So far Trump as pardoned one guy for racial profiling, a practice of which Trump approves. If he were to start pardoning all sheriffs regarding matters of conduct (or all sheriffs for any crime at all) that would actually reflect the president wasn’t acting out of momentary whimsy, but might indicate an actual policy.

Coyne Tibbets (profile) says:

Re: Re: Re: Doesn't anybody call bullshit on this tidbit?

I feel I should correct that: Arpaio was not pardoned for racial profiling. He was pardoned for criminal contempt, for ignoring a federal judge’s order to stop violating people’s Rights. (Wikipedia: “On May 24, 2013, Judge Snow issued a decision finding the policies and practices of Arpaio and his office discriminatory, in violation of the Fourth and Fourteenth Amendments and Title VI of the Civil Rights Act of 1964.”)

Arpaio failed to comply with the court’s orders, leading to the contempt charge. The short short version is that he told the court that he would violate Rights as he pleased and got busted for it.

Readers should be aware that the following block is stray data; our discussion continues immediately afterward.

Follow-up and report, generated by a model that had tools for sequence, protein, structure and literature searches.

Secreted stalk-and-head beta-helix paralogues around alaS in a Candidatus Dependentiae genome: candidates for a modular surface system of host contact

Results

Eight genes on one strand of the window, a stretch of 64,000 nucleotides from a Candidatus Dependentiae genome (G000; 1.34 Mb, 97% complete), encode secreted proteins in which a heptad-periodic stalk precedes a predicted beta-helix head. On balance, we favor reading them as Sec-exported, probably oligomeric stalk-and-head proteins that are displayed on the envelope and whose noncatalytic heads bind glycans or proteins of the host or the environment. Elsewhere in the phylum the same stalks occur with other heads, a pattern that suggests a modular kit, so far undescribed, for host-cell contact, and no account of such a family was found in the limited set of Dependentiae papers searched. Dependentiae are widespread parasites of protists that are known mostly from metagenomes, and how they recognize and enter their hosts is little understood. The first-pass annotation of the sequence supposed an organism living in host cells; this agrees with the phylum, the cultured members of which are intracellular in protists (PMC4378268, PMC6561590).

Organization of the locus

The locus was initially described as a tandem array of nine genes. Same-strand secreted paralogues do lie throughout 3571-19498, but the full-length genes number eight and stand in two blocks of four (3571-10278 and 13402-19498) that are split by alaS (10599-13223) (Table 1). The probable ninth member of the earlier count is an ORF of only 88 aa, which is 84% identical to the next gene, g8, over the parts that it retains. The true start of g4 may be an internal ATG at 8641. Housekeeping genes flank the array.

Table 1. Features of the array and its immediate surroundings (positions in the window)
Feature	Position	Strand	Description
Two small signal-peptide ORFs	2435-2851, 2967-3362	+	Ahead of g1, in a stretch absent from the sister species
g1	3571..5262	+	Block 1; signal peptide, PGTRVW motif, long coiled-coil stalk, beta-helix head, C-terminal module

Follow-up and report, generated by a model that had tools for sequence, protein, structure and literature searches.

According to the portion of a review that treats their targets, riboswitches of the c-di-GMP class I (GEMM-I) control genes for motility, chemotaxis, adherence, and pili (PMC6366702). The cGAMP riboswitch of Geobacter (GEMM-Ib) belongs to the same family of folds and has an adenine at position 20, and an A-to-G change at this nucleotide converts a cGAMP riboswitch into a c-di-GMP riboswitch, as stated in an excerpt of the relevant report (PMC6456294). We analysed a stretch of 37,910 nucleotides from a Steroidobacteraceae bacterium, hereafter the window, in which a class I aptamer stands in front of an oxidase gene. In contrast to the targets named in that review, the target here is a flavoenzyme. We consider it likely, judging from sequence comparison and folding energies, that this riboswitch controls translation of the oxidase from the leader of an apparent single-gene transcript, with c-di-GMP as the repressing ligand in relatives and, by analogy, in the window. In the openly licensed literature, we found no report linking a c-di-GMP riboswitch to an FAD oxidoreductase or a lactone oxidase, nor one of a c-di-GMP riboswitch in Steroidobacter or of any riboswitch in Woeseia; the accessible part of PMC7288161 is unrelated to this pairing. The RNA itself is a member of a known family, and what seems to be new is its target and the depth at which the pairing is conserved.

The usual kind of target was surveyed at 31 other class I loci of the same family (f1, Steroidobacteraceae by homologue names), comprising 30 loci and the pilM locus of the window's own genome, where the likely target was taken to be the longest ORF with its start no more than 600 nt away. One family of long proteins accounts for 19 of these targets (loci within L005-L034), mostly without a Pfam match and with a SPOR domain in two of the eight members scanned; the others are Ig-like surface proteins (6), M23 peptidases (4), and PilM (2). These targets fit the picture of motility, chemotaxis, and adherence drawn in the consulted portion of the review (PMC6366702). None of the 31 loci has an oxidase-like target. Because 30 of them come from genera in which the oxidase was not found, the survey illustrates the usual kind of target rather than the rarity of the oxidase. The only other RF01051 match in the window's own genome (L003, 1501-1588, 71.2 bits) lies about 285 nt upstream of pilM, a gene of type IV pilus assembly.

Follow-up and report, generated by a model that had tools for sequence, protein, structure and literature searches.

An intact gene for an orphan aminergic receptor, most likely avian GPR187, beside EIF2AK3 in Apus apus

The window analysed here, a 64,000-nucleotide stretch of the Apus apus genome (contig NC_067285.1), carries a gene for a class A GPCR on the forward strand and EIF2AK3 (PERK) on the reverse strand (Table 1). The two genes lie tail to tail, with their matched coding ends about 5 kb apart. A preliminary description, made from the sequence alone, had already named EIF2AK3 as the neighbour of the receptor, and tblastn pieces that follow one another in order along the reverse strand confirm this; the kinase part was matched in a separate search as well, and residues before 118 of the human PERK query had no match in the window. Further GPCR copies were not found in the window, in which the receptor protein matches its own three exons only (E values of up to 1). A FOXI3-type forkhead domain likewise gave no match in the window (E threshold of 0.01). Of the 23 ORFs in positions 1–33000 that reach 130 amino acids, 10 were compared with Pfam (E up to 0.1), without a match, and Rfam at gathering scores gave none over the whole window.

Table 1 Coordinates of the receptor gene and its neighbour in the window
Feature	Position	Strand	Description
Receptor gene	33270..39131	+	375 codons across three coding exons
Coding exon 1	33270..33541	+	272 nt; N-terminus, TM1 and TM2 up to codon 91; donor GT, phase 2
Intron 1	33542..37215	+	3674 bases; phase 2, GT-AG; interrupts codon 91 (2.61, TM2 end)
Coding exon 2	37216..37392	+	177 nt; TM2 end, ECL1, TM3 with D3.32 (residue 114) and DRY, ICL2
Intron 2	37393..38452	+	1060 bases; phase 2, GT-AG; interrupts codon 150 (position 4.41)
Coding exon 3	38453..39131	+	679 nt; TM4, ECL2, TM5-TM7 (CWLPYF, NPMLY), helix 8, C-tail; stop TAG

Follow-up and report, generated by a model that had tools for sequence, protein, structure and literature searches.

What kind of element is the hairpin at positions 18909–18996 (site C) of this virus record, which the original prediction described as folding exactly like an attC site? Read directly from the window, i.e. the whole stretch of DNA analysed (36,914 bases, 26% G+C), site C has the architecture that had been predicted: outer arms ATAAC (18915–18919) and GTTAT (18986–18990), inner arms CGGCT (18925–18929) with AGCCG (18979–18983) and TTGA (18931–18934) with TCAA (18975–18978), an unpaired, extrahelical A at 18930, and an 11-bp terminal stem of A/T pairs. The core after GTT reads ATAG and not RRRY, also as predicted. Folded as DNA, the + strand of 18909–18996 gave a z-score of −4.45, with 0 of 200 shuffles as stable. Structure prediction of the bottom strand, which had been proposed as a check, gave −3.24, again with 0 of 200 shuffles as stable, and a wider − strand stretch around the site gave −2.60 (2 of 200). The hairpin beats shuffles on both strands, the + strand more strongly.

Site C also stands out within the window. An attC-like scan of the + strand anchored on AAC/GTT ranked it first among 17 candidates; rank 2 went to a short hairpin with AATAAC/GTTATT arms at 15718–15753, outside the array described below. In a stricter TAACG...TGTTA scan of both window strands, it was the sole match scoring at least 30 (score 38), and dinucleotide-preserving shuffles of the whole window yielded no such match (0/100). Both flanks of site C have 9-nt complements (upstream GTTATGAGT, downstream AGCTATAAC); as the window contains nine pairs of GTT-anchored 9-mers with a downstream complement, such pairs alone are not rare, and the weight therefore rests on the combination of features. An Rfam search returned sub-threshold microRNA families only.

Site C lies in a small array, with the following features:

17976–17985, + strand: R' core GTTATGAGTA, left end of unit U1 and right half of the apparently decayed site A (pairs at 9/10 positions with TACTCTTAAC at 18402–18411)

So what are we to make of the pardon? That violating people’s Rights is okay?

Well, hell, that’s all this Sheriff did. Why shouldn’t he get the same pardon?

Uriel-238 (profile) says:

Re: Re: Re:2 Pardons all around, then...

So what are we to make of the pardon? That violating people’s Rights is okay?

Well, hell, that’s all this Sheriff did. Why shouldn’t he get the same pardon?

That is the message Trump would be sending if he pardoned Sheriff Hobby.

But while that does seem to be the kind of state that Trump would prefer to live in, where the proles don’t have rights, Trump is anything but consistent, even with his own biases.

Trump less follows an ideology and more is a force of nature, and what he sees on television more influences what he does than any specific platform.

To me, that’s actually scarier than Hitler or Caligula.

Anonymous Coward says:

Evidence Planting

We all know that the sheriff would have resorted to planting drugs to justify himself the next time as well. Nothing justifies an illegal search as much as a positive result. Courts ignore the rights of people all the time so long as there is something bad that was supposedly found on them. No one listens to the citizen found with drugs though. They clearly are lying to evade the justice that they deserve.